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Article: Which is the preferred revision technique for loosened iliac screw? A novel technique of boring cement injection from the outer cortical shell

TitleWhich is the preferred revision technique for loosened iliac screw? A novel technique of boring cement injection from the outer cortical shell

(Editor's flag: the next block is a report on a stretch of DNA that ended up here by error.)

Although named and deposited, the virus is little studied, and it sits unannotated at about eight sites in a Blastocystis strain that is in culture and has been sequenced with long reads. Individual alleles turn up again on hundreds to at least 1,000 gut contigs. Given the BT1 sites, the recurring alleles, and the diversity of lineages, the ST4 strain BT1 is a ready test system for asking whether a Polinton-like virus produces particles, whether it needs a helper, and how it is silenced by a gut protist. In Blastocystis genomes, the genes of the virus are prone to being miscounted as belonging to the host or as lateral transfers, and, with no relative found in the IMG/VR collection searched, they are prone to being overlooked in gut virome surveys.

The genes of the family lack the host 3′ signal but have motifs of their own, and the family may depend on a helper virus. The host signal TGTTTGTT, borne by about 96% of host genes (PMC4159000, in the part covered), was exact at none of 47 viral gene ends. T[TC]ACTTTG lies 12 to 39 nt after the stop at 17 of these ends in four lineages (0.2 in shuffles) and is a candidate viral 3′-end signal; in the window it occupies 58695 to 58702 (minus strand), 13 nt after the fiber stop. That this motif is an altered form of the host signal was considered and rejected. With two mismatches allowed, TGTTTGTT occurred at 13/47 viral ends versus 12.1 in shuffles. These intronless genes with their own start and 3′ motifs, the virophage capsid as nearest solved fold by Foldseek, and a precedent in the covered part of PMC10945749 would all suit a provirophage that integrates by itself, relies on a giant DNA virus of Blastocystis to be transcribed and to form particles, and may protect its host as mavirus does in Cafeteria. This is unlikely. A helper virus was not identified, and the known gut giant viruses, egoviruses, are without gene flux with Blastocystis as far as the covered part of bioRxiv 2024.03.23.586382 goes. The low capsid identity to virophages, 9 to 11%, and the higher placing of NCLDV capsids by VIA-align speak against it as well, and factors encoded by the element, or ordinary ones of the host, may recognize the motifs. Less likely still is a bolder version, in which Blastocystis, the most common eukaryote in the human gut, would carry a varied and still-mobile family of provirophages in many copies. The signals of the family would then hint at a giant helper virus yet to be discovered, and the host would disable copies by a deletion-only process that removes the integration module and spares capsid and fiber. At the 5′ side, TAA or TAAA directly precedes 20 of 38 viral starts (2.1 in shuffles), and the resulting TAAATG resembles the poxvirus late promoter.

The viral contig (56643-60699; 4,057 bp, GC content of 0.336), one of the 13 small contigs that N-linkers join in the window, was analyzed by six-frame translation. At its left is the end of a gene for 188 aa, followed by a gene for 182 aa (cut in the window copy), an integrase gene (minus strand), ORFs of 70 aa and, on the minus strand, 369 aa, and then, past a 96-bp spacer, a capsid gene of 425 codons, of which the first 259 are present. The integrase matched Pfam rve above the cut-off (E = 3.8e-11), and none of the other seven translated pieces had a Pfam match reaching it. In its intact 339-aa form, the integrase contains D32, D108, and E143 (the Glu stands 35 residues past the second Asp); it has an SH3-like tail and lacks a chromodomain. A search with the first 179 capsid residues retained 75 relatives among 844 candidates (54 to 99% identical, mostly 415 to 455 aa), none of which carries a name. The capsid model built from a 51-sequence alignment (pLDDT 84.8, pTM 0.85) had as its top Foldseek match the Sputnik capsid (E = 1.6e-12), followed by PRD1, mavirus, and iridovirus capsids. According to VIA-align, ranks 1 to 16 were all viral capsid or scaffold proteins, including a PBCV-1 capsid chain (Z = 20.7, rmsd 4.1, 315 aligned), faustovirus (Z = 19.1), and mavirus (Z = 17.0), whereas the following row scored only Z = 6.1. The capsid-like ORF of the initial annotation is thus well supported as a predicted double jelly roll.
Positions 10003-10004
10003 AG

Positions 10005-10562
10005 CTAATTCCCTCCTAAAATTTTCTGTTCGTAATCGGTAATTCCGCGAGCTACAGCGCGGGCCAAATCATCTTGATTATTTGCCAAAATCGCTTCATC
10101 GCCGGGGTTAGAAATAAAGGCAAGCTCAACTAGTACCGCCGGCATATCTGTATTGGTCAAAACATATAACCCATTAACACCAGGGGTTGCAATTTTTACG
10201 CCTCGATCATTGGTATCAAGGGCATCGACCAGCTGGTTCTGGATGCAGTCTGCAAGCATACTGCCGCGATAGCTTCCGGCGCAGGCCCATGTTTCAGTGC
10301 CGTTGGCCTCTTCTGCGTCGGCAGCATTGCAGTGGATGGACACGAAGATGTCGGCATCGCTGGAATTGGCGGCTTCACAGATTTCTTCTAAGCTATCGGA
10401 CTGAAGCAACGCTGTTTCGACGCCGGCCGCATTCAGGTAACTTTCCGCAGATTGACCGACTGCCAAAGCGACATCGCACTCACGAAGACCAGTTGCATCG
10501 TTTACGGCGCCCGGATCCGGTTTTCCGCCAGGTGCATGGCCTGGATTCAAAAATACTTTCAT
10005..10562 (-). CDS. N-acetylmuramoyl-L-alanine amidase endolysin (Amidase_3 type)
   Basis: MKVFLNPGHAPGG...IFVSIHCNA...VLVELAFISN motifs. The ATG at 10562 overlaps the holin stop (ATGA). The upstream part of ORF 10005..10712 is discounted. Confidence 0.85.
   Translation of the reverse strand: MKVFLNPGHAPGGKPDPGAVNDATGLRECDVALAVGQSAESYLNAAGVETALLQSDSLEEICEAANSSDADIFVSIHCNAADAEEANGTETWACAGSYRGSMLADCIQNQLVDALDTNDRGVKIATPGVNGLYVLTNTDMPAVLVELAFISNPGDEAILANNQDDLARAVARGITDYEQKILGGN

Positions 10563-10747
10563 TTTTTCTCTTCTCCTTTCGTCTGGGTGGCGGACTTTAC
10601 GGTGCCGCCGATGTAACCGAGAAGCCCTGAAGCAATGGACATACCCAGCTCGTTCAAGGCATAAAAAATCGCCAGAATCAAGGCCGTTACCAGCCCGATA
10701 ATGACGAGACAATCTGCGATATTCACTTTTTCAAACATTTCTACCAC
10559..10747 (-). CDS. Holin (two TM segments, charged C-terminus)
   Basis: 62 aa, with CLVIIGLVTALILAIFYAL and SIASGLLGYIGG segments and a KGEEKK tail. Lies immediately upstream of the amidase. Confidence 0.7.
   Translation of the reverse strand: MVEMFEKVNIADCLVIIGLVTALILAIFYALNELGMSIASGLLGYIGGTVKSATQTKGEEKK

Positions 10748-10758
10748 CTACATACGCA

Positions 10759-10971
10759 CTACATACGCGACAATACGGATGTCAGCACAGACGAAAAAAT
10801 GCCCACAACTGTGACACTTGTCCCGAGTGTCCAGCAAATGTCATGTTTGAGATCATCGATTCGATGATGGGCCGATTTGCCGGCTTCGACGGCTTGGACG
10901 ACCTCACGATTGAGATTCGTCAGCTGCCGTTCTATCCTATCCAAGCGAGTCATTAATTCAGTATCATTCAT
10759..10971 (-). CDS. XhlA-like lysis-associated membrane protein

Authors
Issue Date2011
PublisherLippincott Williams & Wilkins. The Journal's web site is located at http://www.jspinaldisorders-tech.com
Citation
Journal Of Spinal Disorders And Techniques, 2011, v. 24 n. 6, p. E49-E56 How to Cite?